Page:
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Colonialism, Coming of Age and Preserving the Past in the ork of Kincaid
Jamaica Kincaid has earned a reputation for speaking frankly and brashly about the personal journey of self-awareness. In doing so, the author has also become a powerful voice for the oft-underrepresented experience of Caribbean Islanders in the late 20th Century. A native of Antigua, Jamaica Kincaid left in her late teens to pursue an education in the United States. This dramatic break from her past would be followed by the adoption of the pen name by which she would become famous. This transformation is critical to the present discussion because it implicates the major themes that would be recurrent in her writing and because it inclines us to consider the ways in which we constantly reinvent ourselves. In both Annie John and My Brother, Kincaid uses the very personal and transformative experiences of her protagonists…
Deena, S. (2010). Jamaica Kincaid. Writers of the Caribbean.
Kincaid, J. (1996). Annie John. Farrar, Strauss & Giroux.
Kincaid, J. (1998). My Brother. Farrar, Strauss & Giroux.
The example Xuela sees of womanhood, and the one she later repeats, is one of jealousy and spite. At one point, this step-mother even tries to kill Xuela with a necklace, piece of jewelry. This is another example of femininity -- this time in the form of a feminine object, the necklace -- being used in a destructive way. Xuela so identifies with this picture of women that she repeats the behavior without even understanding why, such as when she seduces her step-sister's lover or sleeps with other women's husbands.
Eventually, Xuela marries a rich white man who loves her, and she uses this love to make fun of him and control her world. This is the only way she has been taught to be a woman. She has almost all of the traditional negative "feminine" traits, such as jealousy, manipulation, and selfishness, but none of the good qualities. She…
Small Place," Jamaica Kincaid fulfills Rushdie's call for postcolonial writers to carve territories for themselves within language to overcome their oppression and perceived inferiority. Kincaid achieves this first by writing about what she knows best: the postcolonial environment of her native country of Antigua. In "A Small Place," Kincaid analyzes the way colonialism has impacted the development of social, cultural, political, and economic institutions in Antigua. The author emphasizes her personal experience on the island. In so doing, she carves a niche in the "small place" that is the island. With a special focus on the tourism industry, Kincaid achieves Rushdie's call for a focused territory that can be used to overcome oppression and perceived inferiority. "A Small Place" is also about social structures and hierarchies, including gender, race, and power. Language becomes the most powerful weapon to be used against the continued oppression of people living in a postcolonial…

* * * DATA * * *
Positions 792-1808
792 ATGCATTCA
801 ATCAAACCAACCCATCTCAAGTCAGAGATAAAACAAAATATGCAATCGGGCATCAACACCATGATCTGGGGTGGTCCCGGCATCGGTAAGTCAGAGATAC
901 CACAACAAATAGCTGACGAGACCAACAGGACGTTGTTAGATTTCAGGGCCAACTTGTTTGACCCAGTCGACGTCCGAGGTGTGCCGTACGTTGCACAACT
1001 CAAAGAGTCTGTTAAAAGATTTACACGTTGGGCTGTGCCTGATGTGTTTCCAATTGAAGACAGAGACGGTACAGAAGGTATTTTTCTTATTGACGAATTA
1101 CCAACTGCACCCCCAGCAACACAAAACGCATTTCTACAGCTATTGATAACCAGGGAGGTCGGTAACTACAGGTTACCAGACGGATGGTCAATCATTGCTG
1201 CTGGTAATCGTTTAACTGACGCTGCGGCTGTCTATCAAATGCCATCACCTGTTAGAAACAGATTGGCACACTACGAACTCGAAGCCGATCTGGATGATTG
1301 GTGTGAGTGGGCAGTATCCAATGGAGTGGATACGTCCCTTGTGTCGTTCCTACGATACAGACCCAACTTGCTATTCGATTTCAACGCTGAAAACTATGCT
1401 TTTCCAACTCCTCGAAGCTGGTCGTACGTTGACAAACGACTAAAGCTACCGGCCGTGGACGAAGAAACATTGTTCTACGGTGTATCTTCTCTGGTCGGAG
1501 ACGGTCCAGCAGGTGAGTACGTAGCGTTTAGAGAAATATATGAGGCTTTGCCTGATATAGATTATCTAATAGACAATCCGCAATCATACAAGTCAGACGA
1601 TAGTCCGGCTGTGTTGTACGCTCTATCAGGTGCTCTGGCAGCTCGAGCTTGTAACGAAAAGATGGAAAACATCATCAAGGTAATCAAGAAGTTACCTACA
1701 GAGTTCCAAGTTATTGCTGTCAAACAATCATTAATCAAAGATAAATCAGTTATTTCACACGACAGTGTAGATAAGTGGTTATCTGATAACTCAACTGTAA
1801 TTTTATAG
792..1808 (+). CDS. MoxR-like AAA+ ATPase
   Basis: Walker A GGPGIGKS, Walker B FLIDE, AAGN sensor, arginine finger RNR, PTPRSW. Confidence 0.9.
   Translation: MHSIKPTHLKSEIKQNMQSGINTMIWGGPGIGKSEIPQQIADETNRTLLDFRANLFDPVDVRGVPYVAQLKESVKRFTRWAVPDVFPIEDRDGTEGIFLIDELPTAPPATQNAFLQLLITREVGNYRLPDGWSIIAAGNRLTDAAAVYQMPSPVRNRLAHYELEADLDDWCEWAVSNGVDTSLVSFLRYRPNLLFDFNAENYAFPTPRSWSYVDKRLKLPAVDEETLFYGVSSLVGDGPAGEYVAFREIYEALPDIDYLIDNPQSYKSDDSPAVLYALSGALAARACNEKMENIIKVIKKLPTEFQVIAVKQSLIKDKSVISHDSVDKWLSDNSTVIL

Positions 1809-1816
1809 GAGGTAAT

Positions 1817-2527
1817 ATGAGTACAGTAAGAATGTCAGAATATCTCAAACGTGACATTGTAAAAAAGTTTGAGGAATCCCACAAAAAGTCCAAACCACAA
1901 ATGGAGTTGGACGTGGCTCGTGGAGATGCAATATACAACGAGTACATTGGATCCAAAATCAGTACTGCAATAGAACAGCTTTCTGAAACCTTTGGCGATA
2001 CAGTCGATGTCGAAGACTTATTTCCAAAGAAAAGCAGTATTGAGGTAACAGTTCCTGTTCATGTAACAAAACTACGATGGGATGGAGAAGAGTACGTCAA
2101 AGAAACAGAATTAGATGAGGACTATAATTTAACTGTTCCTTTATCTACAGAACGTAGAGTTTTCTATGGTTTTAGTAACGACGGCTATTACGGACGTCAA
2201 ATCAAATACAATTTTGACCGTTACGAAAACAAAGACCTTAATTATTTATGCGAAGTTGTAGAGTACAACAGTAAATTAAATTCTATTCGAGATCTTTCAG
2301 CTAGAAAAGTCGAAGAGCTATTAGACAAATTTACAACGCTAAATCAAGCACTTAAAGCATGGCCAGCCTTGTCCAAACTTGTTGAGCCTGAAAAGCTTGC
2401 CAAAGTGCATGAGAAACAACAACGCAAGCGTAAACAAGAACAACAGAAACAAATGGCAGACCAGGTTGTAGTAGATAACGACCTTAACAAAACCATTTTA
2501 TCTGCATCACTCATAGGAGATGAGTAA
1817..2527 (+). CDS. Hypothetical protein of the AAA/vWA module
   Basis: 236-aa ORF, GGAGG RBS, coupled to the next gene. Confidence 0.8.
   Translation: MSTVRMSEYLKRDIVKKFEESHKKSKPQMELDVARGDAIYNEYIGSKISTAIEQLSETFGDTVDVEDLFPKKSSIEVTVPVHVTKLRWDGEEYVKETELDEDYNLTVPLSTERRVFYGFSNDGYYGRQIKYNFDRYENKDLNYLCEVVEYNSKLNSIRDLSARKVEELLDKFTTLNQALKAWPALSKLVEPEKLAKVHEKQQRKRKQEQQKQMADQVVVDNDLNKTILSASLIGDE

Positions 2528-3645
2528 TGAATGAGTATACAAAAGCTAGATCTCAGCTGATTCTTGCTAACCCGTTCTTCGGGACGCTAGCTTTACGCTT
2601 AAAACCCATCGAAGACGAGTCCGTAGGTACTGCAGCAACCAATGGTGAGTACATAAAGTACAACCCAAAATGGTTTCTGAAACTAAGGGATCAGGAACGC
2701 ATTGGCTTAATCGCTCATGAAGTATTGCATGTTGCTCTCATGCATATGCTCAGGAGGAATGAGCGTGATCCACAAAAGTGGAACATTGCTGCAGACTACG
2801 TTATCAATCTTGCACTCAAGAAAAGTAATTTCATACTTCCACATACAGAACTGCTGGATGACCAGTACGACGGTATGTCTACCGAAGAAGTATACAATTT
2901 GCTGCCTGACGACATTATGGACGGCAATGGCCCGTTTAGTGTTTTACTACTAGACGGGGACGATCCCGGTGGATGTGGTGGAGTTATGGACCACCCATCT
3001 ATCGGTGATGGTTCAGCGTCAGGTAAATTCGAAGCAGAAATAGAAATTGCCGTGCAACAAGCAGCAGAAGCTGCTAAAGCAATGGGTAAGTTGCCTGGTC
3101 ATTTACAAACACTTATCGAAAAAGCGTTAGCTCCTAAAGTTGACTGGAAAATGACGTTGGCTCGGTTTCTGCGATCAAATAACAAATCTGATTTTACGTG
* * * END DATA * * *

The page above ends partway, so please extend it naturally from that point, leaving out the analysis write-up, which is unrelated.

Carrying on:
Wideman's assertion about the author's view and presentation of the world as he or she sees it is certainly important. Indeed, it is the work of every author to create for readers an authentic presentation of the world as he or she sees it. This is particularly so of authors who take as important a position in history as the writers of the African-American resistance to oppression. Both John Edgar Wideman and Jamaica Kincaid present their intensely personal experiences in such a way that it provides to readers and authentic view of what reality is for these writers. Both intensely intellectual, their respective works Brothers and Keepers and My Brother, create for readers worlds that present the reality not only as a perceived black oppression, but also the wide diversity that exist among African-American people in terms of social and professional position. Both works therefore show that these…
Kincaid, J. (2003) My Brother. Farrar, Strauss & Girroux.
Wideman, J.E. (2005) Brothers and Keepers. Houghton Mifflin Harcourt.
As a symbolic extension of the physical meaning of the word "small," the word can refer to something that is insignificant or of little importance, and this has many applications in the book. Antigua is seen as a "small place" by many in that it is of no real importance to the British or even to the other tourists that flock to the island. To these people, it is simply a quaint and picturesque place to visit, but if it disappeared the next day it wouldn't really affect them. Jamaica and the other poor, native inhabitants of the island are equally forgotten or ignored, and made to feel quite small in their lives, and all of these are possible meanings of the title -- the island and/or its people are the "small place" upon which the book focuses. Alternatively, as the book comments on the beauty and the greatness that…
Girl and Great Falls